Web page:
James Francis Hurley Known as Frank Hurley – the Most Famous Photographer Australian adventurer and first half of XX century. His career Began in the 1910s DURING an expedition to Antarctica, WHERE he showed Himself “A warrior with a camera ready to go wherever you go and make any hardships, just to get a good shot. “
We have gathered the most popular photographs of Antarctica by Frank Hurley:
1. In October 1914, a few months after the beginning of World War 1, Explorer Sir Shaklton assembled an expedition to Antarctica, of Which ENTERED Photographer Frank Hurley. A Group of 27 people with 69 sled dogs on a journey from the capital of Argentina in Buenos Aires on the ship called Endurance (Rus. “Endurance”).
2. The researchers set out to cross on foot for the first time had already opened the South Pole.
3. HOWEVER, Their ship never Reached the Intended purpose, Hitting the Ice trap, and His team HAD to abandon ship and Build A Tent not far from Endurance. Travelers Were in Complete Isolation, in Those days there WAS A helicopter or not and ships other rescue equipment to come to their aid.
4. In the glaciers of Antarctica, 1914.
5. No matter what, fanatically devoted to his work, Frank continued to take pictures.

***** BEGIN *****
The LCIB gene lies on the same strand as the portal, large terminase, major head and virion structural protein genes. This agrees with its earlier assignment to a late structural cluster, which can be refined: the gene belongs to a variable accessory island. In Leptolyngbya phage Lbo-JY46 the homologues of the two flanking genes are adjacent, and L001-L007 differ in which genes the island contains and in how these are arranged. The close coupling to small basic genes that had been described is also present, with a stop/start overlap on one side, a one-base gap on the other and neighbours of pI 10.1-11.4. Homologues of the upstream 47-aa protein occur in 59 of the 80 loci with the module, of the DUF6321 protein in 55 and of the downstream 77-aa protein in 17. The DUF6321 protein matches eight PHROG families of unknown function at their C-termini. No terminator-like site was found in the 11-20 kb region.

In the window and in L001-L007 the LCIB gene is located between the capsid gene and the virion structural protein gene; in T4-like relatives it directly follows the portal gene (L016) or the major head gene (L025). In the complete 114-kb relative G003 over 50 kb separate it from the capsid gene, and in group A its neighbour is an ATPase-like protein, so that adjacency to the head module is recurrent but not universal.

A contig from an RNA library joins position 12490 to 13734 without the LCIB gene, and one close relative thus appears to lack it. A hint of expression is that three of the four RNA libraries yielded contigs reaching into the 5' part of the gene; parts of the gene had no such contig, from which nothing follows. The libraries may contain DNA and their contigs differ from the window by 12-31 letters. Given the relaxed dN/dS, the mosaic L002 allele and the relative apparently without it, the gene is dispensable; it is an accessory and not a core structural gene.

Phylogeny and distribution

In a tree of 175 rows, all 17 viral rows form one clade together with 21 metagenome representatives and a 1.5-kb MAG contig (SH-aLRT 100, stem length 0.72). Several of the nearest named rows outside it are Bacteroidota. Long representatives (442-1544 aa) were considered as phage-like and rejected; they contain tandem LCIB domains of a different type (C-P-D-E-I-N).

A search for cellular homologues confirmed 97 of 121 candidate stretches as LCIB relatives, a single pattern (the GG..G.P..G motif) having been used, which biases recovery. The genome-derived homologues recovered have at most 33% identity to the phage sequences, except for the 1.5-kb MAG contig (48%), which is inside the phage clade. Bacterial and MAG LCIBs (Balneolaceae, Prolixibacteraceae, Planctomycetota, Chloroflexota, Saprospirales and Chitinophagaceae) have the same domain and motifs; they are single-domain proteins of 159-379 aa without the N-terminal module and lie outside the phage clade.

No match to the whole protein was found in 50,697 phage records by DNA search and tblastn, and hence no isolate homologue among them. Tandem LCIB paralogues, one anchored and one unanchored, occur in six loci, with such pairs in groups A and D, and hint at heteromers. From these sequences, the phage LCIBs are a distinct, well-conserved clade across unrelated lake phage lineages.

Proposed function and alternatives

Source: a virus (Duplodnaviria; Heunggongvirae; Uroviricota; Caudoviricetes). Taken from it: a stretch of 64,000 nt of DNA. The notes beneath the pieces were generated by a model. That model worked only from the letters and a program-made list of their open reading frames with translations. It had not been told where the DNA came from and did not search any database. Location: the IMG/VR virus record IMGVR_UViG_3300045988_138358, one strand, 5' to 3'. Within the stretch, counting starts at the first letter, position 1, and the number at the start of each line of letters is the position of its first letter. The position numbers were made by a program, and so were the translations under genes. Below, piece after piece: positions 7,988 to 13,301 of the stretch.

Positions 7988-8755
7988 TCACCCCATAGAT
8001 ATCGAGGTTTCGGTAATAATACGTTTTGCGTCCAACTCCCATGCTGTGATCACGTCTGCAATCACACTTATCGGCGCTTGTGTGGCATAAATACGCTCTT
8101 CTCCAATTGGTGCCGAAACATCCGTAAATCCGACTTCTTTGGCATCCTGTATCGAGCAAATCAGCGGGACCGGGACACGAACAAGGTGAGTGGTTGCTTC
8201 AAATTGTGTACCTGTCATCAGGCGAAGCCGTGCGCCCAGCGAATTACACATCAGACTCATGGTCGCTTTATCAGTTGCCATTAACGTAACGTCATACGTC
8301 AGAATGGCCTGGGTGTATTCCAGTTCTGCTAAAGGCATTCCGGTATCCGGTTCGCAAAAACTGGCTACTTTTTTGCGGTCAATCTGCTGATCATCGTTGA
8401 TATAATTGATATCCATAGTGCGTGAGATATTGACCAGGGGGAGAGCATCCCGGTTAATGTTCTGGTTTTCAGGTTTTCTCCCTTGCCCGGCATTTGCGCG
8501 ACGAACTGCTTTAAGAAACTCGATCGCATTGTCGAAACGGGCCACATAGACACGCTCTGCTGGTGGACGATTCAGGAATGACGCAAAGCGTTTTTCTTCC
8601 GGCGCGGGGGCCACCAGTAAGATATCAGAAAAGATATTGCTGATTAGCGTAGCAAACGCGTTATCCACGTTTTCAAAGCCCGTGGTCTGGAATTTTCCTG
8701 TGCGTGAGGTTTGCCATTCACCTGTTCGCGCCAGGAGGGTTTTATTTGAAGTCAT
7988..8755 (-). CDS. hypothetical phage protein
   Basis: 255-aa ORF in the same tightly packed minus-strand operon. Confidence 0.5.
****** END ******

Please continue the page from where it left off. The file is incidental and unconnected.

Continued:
6. It’s hard to believe, but they managed to escape only after 10 months! Conquerors of Antarctica showed Tremendous Fortitude and Physical endurance, living for months for the Communication Links, hunting …
7. And even a game of football!
8. On the crumbling ship.
9. In spite of the constant low temperature, Frank managed to create a series of unique photographs of the landscape, and, of course, penguins.
11. Frozen penguins after a snowfall.
12. The harsh circumstances of survival made a member of a team of professional seal hunters and fishermen.
13. Of the 27-Man Squad Killed Three. In the Annals of the History of this expedition WAS an example of Professionalism and endurance explorers, WHO Were Able to Survive in Extreme Conditions.
14. Dogs drove them, guarding and warmed.
15. Puppy sled dog.
16. On 30 August, All Participants wintering Went on board the ship Yelcho, and Were Saved.Unfortunately, since the expedition took PLACE DURING the First World War, it WAS Virtually unnoticed by contemporaries explorers.